As we drove through the hills of Henan on our way to Luoyang, we passed a steady stream of trucks moving east and west; the eastward trucks were moving in our direction, spreading goods to the major and middle cities, and the westward trucks, heavily laden, were taking supplies to earthquake victims in the center of China. We are drowsy from our large lunch at the Xi’an Cultural Theater and long bike ride atop the city’s wall; the Arnold Schwarzenegger film Eraser plays on our coach screen, with the gubernator occasionally slipping into Mandarin. Around us tremendous concrete pillars thrust into terrace-farmed hillsides, preparing for new highways and rail lines; tunnels and trenches smooth our journey through the hills.
I can’t help feeling I’m witnessing a drama, one of a nation in transformation, a nation growing. And growing often involves pain. After Dr. Zha of Peking University pragmatically suggested that higher oil prices compel change, Lu Xia, our guide, told me that she didn’t like his ideas, that she wanted to keep prices down.
The dilemma is complicated. China’s economy itself is flux. A bottle of water is one yuan at a supermarket, three yuan for most hotels and coaches, and five yuan at the city wall of Xi’an. Markets respond in price and product to the consumer’s buying habits. Growth for China means change of product. Robin, our Xi’an guide, tells of his new home theater system with a 50” LCD flat screen TV and subwoofer speakers.
Several blocks away, a group of neighbors collect bricks from an abandoned demolition project.
Why shouldn’t Lu Xia wish for low prices? And why shouldn’t Robin want his LCD TV? Yet these consumptive desires too clearly build from the modern, the Western, even the American ideology.
Does the end-game of modernization always look like the US, consuming 25% of the world’s resources with 5% of the population? If China’s 20% of the world population reached this point . . . .
But of course it cannot. The simple math is that if China alone on the planet lived the ostentatious lives of Americans, it would consume 120% of the global markets. And this, I think, is where China’s opportunities are greater than those of the US, if it’s careful.
If China, as Dr. Zha implies, fails to define a values system which identifies itself culturally, subjectively, it must along with India and the other emerging markets collapse the global supply system. But if China can show the US and the West how to live with modern sustainability, we might all endure.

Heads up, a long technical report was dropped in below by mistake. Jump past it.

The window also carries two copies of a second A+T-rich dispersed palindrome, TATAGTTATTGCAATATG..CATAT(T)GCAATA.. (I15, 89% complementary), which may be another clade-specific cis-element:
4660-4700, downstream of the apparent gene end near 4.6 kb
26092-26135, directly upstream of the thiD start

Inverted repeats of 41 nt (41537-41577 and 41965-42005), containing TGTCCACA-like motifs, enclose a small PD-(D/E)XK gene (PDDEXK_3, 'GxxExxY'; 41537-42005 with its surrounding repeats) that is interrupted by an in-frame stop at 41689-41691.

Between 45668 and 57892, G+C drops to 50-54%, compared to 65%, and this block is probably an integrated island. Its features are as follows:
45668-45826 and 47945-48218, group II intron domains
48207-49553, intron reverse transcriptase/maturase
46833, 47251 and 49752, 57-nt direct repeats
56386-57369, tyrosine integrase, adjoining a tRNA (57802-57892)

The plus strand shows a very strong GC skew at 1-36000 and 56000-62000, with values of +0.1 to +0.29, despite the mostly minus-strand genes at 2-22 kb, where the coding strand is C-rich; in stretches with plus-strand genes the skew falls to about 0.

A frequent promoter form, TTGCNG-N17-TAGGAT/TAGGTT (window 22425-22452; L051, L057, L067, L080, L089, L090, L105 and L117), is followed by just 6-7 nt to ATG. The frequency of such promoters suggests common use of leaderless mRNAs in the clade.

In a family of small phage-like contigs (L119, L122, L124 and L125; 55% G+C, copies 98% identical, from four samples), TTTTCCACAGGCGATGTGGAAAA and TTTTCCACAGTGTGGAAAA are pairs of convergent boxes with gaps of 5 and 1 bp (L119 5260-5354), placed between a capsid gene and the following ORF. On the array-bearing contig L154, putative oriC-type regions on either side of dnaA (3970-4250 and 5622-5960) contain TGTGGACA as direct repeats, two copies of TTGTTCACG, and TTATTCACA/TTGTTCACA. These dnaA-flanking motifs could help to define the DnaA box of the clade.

It’s a hard road, filled with automobile fantasies, feng shui gardens, and thwarted city planning. It’s a larger unemployed population that the US has workers, and it’s a system which creates any job it can for any wage it can support (witness the distributor of paper towels at the airport restroom or the endless army of moppers and cleaners throughout Beijing). But make no mistake: China is building everywhere and everything.
It’s a country four times as populous as the US which is building IMAX theaters and LCDS TVs eight times as fast. Beijing alone adds 400 automobiles onto its roads each day (1200 per month or over 140,000 per year). Is this what Oprah meant when she simple-mindedly declared, “Everybody gets a car!” Such a gift.
Fortunately for China—and I hope for us if we take note—I believe Dr. Zha is wrong to suggest China has no self-identity, or that the absence of one will last.
The youth of China (under 30) are not unaware—they see what the want, but I trust that they are not so simple as to trade a corrupt system for an imperial one. Old-school politics is not for them.
Lu Xia looks across the aisle of our coach and mocks my Chinese zodiac sign with rabbit ears. We laugh and share bits of language trivia with each other, and then an old Jackie Chan movie comes on and we all watch together.
Emerging with China’s markets and roads, pragmatism and coal plants, Mao lighters and “KF Cats” will be something new. And we won’t have to wait long to see what it is.